To OK legislators: Don’t remove valuable sex offender therapy option

By Sandy . . . A woman in Oklahoma has gotten the attention of state legislators after creating a Facebook page protesting that the uncle who was convicted for abusing her as a child was allowed to live next door to her. After his recent release from prison, Harold English of Bristow, Oklahoma, moved into his mother’s home. The mother of English and grandmother of Danyelle Dyer has said that her son had nowhere else to live.

The exclusionary zones in Bristow make English finding another residence very problematic; however, he is now under a temporary order forcing him to leave the home. Lawmakers have rushed to close this “loophole” in the law, and House Bill 1124 will be making its way through the Oklahoma legislature in the next session.

It is expected to pass with little to no opposition, and if it does so, it will forbid any convicted sex offender from living or being within 1,000 feet of the home of his or her victim. Residency restrictions are shown by research to be without merit in any circumstances, but this particular one has even less to recommend it.

Its implementation would prove disastrous for one type of sex offender therapy.

While no one should be forced to be close to his or her former abuser if that is not his or her choice, legislation prohibiting former offenders from living near or with their former victims is not wise. Virtually all child sexual abuse is committed by a relative or someone else close to the family, as happened in this case. For children age six and under, the perpetrator is found to be a close family member in 50% or more of the cases .

Family reunification therapy is one tool available to treatment providers, and one that in the right circumstances is very valuable. It is a program designed for offenders who recognize and take responsibility for their own behavior and are willing and able to live within the limits placed upon them by the treatment program, the judicial system, and society.

It is a survivor-led process, in partnership with non-offending caregivers, with the priority concern being the safety of the child. If at any point the child who was sexually abused does not wish to move forward with reunification, the process is stopped immediately.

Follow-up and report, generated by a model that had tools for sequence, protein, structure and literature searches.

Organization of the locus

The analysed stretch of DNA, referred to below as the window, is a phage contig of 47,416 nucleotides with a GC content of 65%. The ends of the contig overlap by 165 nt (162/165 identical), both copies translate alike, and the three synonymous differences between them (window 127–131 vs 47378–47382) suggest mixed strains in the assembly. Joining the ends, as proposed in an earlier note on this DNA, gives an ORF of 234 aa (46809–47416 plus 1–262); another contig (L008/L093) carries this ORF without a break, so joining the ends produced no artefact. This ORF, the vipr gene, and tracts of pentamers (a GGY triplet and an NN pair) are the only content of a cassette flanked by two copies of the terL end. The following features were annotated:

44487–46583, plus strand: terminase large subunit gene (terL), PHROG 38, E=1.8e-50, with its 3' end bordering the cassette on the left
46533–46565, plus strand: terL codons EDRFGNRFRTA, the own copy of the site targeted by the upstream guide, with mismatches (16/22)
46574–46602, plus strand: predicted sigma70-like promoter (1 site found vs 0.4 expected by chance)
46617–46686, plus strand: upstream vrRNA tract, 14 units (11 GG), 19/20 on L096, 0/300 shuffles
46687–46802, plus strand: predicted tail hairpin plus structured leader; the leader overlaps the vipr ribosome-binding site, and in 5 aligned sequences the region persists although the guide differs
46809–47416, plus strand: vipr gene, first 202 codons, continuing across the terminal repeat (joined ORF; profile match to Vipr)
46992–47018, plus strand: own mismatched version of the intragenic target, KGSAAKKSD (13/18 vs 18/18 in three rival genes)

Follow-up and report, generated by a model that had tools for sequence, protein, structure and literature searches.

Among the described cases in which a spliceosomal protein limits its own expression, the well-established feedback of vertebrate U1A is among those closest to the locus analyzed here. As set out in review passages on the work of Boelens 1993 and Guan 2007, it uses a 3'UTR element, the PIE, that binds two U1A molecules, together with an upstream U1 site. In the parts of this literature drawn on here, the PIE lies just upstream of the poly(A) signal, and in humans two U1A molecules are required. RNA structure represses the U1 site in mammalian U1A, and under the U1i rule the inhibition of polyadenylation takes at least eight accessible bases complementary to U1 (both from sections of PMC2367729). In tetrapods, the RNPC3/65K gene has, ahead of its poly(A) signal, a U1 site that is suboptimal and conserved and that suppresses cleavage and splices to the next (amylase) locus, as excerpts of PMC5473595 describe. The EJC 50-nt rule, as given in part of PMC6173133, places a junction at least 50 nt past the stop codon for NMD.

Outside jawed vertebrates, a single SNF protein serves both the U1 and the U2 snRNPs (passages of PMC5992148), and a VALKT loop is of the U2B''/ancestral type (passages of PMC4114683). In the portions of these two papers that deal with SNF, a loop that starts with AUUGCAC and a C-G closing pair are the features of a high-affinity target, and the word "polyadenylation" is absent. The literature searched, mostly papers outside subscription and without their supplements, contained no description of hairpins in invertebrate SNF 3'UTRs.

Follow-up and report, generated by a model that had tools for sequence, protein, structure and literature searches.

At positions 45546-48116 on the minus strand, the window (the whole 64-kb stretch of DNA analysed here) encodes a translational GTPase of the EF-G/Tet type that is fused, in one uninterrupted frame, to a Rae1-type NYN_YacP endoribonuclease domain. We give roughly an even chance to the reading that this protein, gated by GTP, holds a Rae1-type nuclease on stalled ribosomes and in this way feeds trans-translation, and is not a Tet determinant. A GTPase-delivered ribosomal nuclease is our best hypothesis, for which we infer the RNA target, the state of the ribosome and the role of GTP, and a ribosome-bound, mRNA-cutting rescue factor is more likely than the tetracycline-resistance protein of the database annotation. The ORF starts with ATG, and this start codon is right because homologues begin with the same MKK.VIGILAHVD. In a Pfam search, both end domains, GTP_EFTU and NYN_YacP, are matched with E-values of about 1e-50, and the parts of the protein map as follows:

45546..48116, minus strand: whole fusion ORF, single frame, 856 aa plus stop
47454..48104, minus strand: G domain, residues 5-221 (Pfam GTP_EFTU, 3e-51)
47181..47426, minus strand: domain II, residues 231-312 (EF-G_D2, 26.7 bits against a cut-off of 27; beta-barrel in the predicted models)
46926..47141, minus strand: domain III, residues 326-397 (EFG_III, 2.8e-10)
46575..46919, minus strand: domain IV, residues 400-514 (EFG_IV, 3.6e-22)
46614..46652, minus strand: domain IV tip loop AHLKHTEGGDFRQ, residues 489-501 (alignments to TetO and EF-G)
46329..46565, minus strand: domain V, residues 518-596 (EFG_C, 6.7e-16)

When desired by all relevant persons, this therapy model offers hope for recovery for both victims and perpetrators. It has been found especially valuable with juveniles when the offending situation was that of an older sibling against a younger or more vulnerable one.

Lowered re-offense rates and successful rehabilitation are closely linked with an offender’s ability to gain and maintain stable living conditions as well as family support. Family reunification therapy provides one path to achieving these goals. Legislation such as HB 1124 in Oklahoma would remove that option from those who want it.

For many, this type of therapy, with its emphasis on accepting responsibility, forgiveness, and accountability in equal parts, has been a lifesaver for both former victims and former perpetrators. It is not for all, but it should remain as an option for those who choose it.

Help us reach more people by Sharing or Liking this post.

Sandy Rozek

Sandy is communications director for NARSOL, editor-in-chief of the Digest, and a writer for the Digest and the NARSOL website. Additionally, she participates in updating and managing the website and assisting with a variety of organizational tasks.

Viewing 4 reply threads
  • Author
    • #17527 Reply
      Debbie Boswell

      Do not remove this Option

    • #17540 Reply

      One Size Fits All Legislation…

      When are they going to learn that this is a poor legislative action to take?
      Further stripping of civil rights and/or liberties of even those on a registry is a slippery slope indeed.

      The late great Martin Luther King Jr. said it best, “Injustice anywhere is a threat to justice everywhere. We are caught in an inescapable network of mutuality, tied in a single garment of destiny. Whatever affects one directly, affects all indirectly.”

      Proposing laws to dictate where one person can not live for the sake of protecting others from a crime not yet committed is a boasted forseen assumption that they know or can see into the hearts of all those once convicted of a crime, as if a person can not be rehabilitated, ever. A thief is always a thief, an addict or alcoholic can not ever find sobriety, and a drug dealer or gang member will never realize the errors of their ways and turn to a new life, free of a crime ridden mentality. Are these things true? Don’t these such criminals all deserve a second chance at life without a restriction after they have paid their debts to society because they are trying to make things right?